I never liked sweet corn but there is always the first time

drawing of corn earsI never liked it. Sweet corn was ok. The favor was alright but nothing to write home about. My grandfather always had about an acre. Corn on the cob. Canned corn. Frozen corn. But nothing to write home about. The very best part of the corn was the fact I could hide in the field.

As I grew older and my mother moved away from the farm when my Grandmother died, it became a very rare thing. Neither of us was enamored with the stuff. Mom from memories of having to can it and me from the taste. It was too much work to dig out the pot of water and prepare it. When the local restaurants served it, I ordered the mashed potatoes and baby peas instead, thank you.

I never grew out of that. I had it prepared with the best seafood meals in Norfolk or Virginia Beach or Charleston South Carolina. No dice. I had it in Texas, San Diego, Seattle. No, thank you, may I have some peas please? Sweet corn just didn't make it.

While I had a sweet tooth, the taste always left something lacking. Until this year.

The stove, as I have said, blew up. Actually it fizzled with more fireworks than the fourth of July. Since it is summer, it is hot and it is needed that we replace the Jeep engine first, I decided to try living without a stove. How hard can it be and who ever heard of sweating over a hot toaster oven? So I decided to use the microwave more. In looking through an old Betty Crocker Microwave Cookbook, [sometime you are bored I shall tell you about my 7 foot plus stack of cookbooks] I found a recipe for sweet corn. It was cheap. 10 ears for $2.00. So I bought 10 ears.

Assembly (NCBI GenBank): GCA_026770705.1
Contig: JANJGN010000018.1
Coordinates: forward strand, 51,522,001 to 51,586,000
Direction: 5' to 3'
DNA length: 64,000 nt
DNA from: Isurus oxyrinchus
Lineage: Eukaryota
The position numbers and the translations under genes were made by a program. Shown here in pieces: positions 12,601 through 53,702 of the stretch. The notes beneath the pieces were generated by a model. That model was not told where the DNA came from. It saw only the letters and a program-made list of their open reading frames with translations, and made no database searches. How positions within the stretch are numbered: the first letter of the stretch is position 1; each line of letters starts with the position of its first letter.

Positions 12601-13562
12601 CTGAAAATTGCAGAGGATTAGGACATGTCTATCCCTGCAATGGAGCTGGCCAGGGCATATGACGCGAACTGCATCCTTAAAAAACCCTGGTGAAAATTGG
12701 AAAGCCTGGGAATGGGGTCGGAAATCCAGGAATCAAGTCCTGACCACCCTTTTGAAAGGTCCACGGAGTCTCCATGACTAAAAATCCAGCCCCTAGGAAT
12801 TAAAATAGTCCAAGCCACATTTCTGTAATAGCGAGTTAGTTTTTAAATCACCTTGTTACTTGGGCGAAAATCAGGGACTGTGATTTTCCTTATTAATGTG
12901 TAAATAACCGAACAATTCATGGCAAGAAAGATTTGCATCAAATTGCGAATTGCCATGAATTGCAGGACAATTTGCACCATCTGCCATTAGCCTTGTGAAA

The recipe is divinely simple. One [or more] roasting ears. One microwave. No prep. No fuss. Simply toss the ear into the microwave on a rotating base. Cook for 5 minutes on high power. Open and remover carefully with hot pads because it will be steaming hot. Let cool until you can handle then strip. The husk and silk pull off easily. Cut the base off and serve up with your favorite condiments. You won't even need ketchup. Note to those with no turn table: If you don't have a turntable you must rotate the corn yourself after two minutes by the way.microwaved corn ear

I read many variations. One uses the turntable but also rotates after the two minutes. Why? I'm lazy. It works without rotating as long as the turntable does it for you. One has you soaking the ears before you cut off the silk. Why? If you have very poor ears that aren't too fresh then yes, you need to soak them but why would you buy them or use un-fresh picked garden ears for corn on the cob? Why cut off the silk when it comes off in one big pull? It doesn't effect the flavor. It is simply a make more work project. Why when I can spend my time working on a perfect hamburger or steak or Maryland crabcake?

The corn tastes sweet and bursting with flavor. It has a wonderful texture. It takes 5 minutes to make. It cleans up with a simple yank. What more could I ask for. We have bought sweet corn every shopping trip since I found this recipe. Oh the other version? Done the old fashioned way or grilled or other methods? You can keep them. They just don't have the flavor of the microwave and I can make an ear for lunch.

It took me 45 years to find the perfect sweet corn.

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